An axe head was mostly wrought iron, with a steel cutting edge. This made the weapon less expensive than a sword, and was a standard item produced by blacksmiths, historically.
Like most other Scandinavian weaponry, axes were often given names. According to Snorri Sturluson's Prose Edda, axes were often named after she-trolls. A bearded 10th century Viking battle axe [that could double as a throwing axe] from the time of the last Viking, English King, Eric Bloodaxe, King of Northumbria. Probably the eldest son of King Harald Finehair [The first King of all Norway]. Eric's name probably derives from the legend that he murdered most of his 20 brothers, exepting Hakon. This was an unfortunate error as, upon Haralds death, Hakon returned to Norway from Britain to claim Harald's throne, and removed Eric from his Kingship. His elder brother Eric then fled Norway to Britain and to King Athelstan, an old friend of his father's, whereupon he took the Kingdom of Northumbria in around 947 a.d. While the sagas call him 'Bloodaxe', one of the Latin texts calls him fratris interfector (brother-killer), but, for whatever reason his name was derived, it was certainly a fine example of the descriptive titles the Viking warriors had, and that we are told of in the Viking sagas. 5 inches across. 400 grams

Code: 22099Price: 1195.00 GBP

click for more images

An Original Rare Roman 1st Century Augur's [Sorcerer's] Bronze Ring
The Ring of an Emperor. Augustus Caeser and Tiberius Caeser both wore the ring of the symbol of a Roman Augur. Augustus Caeser was indeed an auger himself, as was Pompey. The engraved device shows an opposing pair of Lituus, or priest's staffs. These were wands carried, as symbols of office, by ancient Roman augurs and used in carrying out the rituals for the foretelling of future events, what was later called sorcery. An augur was a highly esteemed priest and official in the classical Roman world. His main role was the practice of augury: Interpreting the will of the gods by studying the flight of birds – whether they were flying in groups or alone, what noises they made as they flew, direction of flight, and what kind of birds they were. This was known as "taking the auspices".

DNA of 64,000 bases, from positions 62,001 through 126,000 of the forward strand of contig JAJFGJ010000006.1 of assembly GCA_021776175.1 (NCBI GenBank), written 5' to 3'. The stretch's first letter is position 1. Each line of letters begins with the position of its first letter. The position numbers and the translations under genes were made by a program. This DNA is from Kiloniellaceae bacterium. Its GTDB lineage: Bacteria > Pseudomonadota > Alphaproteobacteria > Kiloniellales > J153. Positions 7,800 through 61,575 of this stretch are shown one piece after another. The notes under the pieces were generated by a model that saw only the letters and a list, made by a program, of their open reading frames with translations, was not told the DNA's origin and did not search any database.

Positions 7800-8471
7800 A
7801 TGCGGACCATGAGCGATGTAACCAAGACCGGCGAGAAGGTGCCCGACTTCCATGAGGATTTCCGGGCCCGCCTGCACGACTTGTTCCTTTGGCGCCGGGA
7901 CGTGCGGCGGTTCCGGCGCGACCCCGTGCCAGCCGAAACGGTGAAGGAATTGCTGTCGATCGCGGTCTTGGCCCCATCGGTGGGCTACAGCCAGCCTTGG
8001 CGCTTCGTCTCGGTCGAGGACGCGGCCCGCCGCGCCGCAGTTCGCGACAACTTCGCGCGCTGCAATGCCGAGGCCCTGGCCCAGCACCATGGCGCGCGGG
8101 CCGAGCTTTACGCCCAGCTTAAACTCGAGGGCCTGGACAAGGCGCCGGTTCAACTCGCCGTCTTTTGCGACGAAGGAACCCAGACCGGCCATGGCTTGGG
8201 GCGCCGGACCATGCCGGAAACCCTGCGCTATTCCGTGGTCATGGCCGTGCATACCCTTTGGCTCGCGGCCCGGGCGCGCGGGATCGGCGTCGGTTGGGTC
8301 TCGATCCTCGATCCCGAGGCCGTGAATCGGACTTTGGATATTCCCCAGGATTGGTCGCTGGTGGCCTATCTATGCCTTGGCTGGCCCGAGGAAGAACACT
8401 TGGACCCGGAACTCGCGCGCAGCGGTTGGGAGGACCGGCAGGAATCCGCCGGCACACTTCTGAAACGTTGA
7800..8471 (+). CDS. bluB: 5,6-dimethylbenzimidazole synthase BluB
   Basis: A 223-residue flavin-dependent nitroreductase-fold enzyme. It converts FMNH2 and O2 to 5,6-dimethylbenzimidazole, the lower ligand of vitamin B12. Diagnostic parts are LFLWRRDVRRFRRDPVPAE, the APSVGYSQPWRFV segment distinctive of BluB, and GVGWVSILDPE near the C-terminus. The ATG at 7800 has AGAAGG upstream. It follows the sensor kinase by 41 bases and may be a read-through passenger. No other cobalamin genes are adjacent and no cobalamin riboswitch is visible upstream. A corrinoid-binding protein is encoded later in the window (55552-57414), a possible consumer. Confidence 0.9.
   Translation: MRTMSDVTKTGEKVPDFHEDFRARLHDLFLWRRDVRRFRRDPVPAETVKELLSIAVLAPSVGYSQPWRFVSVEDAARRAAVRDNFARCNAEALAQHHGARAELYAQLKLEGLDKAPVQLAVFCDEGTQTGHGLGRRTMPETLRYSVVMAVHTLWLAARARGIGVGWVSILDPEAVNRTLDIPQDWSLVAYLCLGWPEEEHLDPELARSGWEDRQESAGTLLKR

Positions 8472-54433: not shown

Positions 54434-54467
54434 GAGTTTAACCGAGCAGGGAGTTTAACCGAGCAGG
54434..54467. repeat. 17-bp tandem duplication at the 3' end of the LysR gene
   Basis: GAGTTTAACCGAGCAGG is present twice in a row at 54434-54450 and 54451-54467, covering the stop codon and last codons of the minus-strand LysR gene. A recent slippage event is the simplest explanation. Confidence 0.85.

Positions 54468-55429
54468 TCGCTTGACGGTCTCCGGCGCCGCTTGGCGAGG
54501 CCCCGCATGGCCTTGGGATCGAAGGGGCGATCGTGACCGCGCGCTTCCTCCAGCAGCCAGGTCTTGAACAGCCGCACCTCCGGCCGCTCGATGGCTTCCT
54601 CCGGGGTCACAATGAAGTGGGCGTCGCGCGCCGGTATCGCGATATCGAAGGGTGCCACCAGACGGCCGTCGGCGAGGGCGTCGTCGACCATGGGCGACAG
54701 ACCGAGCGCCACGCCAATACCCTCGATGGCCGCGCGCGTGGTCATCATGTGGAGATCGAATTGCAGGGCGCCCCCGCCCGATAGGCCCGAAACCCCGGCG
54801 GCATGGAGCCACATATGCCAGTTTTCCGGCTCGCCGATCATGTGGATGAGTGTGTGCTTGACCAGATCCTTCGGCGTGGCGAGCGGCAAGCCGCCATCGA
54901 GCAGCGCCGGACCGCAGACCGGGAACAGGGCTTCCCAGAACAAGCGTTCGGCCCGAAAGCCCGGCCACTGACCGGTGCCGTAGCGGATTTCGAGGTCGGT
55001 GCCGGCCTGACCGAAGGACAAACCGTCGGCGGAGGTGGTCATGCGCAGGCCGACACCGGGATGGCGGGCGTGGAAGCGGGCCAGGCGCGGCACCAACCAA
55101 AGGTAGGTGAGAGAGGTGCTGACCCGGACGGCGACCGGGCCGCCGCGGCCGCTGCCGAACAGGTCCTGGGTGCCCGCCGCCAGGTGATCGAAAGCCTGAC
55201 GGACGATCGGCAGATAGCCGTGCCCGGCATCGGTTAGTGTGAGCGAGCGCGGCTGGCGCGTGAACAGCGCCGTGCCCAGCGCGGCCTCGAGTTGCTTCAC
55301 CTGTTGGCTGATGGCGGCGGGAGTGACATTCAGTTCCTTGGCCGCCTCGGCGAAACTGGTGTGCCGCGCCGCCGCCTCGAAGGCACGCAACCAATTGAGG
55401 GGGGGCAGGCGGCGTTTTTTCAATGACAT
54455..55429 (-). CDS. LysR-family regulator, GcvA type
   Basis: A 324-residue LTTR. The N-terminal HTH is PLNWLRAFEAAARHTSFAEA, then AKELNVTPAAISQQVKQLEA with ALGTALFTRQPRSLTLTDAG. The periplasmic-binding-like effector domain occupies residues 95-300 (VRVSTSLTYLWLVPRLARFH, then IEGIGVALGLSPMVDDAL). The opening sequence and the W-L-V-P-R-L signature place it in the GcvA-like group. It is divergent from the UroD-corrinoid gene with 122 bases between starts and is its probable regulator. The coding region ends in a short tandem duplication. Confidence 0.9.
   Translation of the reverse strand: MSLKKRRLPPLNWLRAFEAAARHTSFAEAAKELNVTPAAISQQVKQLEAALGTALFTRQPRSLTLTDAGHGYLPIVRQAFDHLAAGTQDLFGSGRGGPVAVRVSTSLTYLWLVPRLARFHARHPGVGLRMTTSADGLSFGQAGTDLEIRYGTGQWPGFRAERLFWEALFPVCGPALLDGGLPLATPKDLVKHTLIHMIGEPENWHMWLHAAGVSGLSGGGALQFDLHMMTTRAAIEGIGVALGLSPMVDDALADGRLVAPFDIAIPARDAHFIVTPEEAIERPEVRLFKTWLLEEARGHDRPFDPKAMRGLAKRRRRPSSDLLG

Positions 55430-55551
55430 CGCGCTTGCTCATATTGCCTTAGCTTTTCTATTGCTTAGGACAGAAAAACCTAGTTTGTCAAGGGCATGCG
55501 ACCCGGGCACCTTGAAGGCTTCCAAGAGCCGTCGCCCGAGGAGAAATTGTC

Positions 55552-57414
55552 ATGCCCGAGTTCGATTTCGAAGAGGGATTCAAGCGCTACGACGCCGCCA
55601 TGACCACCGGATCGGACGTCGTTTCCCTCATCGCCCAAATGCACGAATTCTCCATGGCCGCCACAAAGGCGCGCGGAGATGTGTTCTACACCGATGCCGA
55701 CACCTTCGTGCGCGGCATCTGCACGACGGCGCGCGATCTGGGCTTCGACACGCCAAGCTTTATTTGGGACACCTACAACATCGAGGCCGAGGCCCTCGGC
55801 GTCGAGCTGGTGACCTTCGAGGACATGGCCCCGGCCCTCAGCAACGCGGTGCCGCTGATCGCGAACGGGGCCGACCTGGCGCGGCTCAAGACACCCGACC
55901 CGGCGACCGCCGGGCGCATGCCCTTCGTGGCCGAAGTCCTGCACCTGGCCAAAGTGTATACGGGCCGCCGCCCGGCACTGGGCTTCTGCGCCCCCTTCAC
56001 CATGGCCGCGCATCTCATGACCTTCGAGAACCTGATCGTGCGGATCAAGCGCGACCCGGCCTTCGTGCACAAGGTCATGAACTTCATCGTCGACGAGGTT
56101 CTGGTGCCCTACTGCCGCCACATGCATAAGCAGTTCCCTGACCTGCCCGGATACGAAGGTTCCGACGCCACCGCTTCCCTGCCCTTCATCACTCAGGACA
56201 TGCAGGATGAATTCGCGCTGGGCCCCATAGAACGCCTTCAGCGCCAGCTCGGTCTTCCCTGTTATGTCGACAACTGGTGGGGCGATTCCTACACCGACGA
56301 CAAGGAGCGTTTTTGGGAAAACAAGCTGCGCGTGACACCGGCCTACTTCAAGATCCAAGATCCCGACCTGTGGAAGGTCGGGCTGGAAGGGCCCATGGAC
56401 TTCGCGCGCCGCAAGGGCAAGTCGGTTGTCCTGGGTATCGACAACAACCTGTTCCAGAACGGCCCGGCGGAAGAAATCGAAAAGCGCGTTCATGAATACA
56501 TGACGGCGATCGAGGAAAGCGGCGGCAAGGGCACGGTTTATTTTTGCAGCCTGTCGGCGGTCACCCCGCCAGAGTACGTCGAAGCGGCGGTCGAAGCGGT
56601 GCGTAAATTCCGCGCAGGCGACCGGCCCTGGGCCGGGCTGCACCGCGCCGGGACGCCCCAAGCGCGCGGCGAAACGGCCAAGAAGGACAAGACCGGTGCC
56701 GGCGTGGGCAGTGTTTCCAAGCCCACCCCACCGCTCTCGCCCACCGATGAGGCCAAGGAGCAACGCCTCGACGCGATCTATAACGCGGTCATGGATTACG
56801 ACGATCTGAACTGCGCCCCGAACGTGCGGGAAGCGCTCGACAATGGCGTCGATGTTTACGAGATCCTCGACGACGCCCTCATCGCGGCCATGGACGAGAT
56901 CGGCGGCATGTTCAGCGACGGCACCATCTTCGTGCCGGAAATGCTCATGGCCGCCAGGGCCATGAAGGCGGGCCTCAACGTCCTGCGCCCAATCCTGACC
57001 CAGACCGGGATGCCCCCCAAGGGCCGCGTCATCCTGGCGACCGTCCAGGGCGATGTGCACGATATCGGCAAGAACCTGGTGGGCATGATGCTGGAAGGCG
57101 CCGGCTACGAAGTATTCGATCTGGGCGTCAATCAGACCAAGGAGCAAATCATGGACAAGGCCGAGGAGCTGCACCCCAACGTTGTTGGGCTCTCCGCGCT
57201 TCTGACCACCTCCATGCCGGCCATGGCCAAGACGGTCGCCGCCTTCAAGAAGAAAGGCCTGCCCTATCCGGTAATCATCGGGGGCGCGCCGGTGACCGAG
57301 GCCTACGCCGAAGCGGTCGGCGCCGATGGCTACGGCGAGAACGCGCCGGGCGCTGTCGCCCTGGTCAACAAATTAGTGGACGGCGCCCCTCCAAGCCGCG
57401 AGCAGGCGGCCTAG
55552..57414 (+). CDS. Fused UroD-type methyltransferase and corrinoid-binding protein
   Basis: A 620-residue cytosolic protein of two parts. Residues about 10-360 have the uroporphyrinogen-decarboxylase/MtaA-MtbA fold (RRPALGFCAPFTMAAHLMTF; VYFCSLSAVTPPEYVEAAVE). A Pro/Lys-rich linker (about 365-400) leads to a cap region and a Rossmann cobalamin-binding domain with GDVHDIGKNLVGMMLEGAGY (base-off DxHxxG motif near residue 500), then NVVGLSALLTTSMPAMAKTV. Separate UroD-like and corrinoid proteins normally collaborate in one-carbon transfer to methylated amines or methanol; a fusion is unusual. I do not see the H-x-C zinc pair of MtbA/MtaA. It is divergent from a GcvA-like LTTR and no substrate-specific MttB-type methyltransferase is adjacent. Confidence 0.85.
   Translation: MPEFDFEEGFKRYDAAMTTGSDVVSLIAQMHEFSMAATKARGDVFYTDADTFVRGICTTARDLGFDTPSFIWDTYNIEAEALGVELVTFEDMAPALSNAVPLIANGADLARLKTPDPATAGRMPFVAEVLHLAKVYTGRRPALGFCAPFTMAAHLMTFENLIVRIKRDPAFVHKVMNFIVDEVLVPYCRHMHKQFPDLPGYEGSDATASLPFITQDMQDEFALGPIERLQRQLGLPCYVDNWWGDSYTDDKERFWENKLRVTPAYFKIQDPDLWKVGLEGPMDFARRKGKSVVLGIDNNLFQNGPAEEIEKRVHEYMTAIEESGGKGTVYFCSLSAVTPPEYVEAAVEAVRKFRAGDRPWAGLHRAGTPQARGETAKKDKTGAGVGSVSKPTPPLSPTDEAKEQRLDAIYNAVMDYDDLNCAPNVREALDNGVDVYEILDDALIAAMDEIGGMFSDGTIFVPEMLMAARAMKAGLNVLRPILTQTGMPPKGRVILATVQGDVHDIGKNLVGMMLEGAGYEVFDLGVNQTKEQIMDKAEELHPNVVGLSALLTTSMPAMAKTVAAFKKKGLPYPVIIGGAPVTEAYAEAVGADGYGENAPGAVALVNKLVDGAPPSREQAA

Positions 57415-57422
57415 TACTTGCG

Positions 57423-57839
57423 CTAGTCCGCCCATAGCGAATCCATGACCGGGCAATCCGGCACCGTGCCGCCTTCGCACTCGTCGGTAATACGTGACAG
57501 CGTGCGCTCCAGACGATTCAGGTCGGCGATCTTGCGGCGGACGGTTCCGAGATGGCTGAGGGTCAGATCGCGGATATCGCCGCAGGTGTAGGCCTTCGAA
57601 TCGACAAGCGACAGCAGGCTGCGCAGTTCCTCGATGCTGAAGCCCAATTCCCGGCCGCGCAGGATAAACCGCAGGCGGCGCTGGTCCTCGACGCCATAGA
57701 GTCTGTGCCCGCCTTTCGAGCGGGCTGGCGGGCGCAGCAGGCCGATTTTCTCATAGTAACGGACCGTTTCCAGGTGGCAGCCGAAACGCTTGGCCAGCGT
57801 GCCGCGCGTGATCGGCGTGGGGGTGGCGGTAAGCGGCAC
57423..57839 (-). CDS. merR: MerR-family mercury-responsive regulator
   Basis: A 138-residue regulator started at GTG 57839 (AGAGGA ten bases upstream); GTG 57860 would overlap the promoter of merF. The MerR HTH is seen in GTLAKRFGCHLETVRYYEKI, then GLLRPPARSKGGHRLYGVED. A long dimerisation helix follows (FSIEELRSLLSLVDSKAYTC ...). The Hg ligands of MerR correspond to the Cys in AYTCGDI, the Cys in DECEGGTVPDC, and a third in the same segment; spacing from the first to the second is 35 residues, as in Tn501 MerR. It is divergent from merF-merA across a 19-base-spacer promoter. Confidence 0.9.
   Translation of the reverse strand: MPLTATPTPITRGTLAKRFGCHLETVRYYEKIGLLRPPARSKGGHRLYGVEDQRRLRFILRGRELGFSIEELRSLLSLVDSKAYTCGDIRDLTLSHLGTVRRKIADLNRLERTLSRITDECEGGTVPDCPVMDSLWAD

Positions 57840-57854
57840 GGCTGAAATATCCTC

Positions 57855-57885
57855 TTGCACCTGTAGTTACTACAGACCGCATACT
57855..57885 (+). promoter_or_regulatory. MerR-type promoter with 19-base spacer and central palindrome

The augural ceremony and function of the augur was central to any major undertaking in Roman society – public or private – including matters of war, commerce, and religion. Augurs sought the divine will regarding any proposed course of action which might affect Rome's pax, fortuna, and salus (peace, good fortune, and well-being) We show an ancient Bronze Statue of Tiberius as Pontifex Maximus-[over 8 feet high]-ca. 37 AD-discovered in Herculaneum, in the-Museo Archeologico Nazionale di Napoli. Tiberius is wearing an augur sorcerers ring, also we show a picture from a full original statue of Augustus Caeser, and he too wears his sorcerer's [augur's] ring. A heavy grade good sized bronze ring in very nice condition and fine aged patina. Octavian was also an augur. Haverfield surmises that the choice of "Augustus" as the name might also have meant to overshadow the legend "AUG" on coins issued by his defeated enemy Pompey' – where "AUG" signifies Pompey's status as an augur, defeated with the help of Augustus' superior augury. Augustus chose to be addressed differently during his rise to power and success to accrue nothing less than reverence from the Roman people. He was born Gaius Octavius from his biological father and later expanded to the name Gaius Julius Caesar Octavianus, as he was named Caesar’s son and heir by his will in 45 BC. The meaning of the name Augustus, which was bestowed upon him by the Senate on 16th January 27 BC, carried with it ideas of superhuman status, from the Latin ‘augere‘ meaning ‘to increase’, connected also with ‘augurium‘ and the religious connotations of augury, further linking Augustus into the realms of Romulus, the founder of Rome, ‘and elevated him beyond mortal limits’. In 27 BC, the Senate agreed to officially and legally recognise Julius Caesar as a god, cementing the legislative amendments he made in his time as dictator and subsequently condemning objections. In this move, Octavian ‘was now able to describe himself as divi filius – son of a god’, ignoring his adoption into the Caesar family tree, but ‘son of a new god and as such “holy” and venerable himself’. In his Res Gestae Divi Augusti, Augustus describes that laurels symbolic of his adoptive father were placed at his door that day, a shrub which also links to the god of music, Apollo, further cementing Augustus’ belief in his strong connections with the god. Appealing to his connections with Apollo, in October 28 BC, Augustus ‘dedicated a huge new Temple of Apollo on the Palatine Hill near his home’ to give thanks for the god’s assistance in his substantial victory at Actium, which is frequently described by poets as a decisive victory thanks to ‘Actian Apollo’s interventions. Augustus mentions this temple in his Res Gestae Divi Augusti, a signal of his pride in his achievements and a reminder to readers of his connection with the god. The form of this ring is in traditional Roman bronze, and it is more likely Augustus's personal ring would have been gold, unless of course, he wore his original Augur's ring, when title of Augur was bestowed upon him, when he was known as Octavian, long before he became emperor.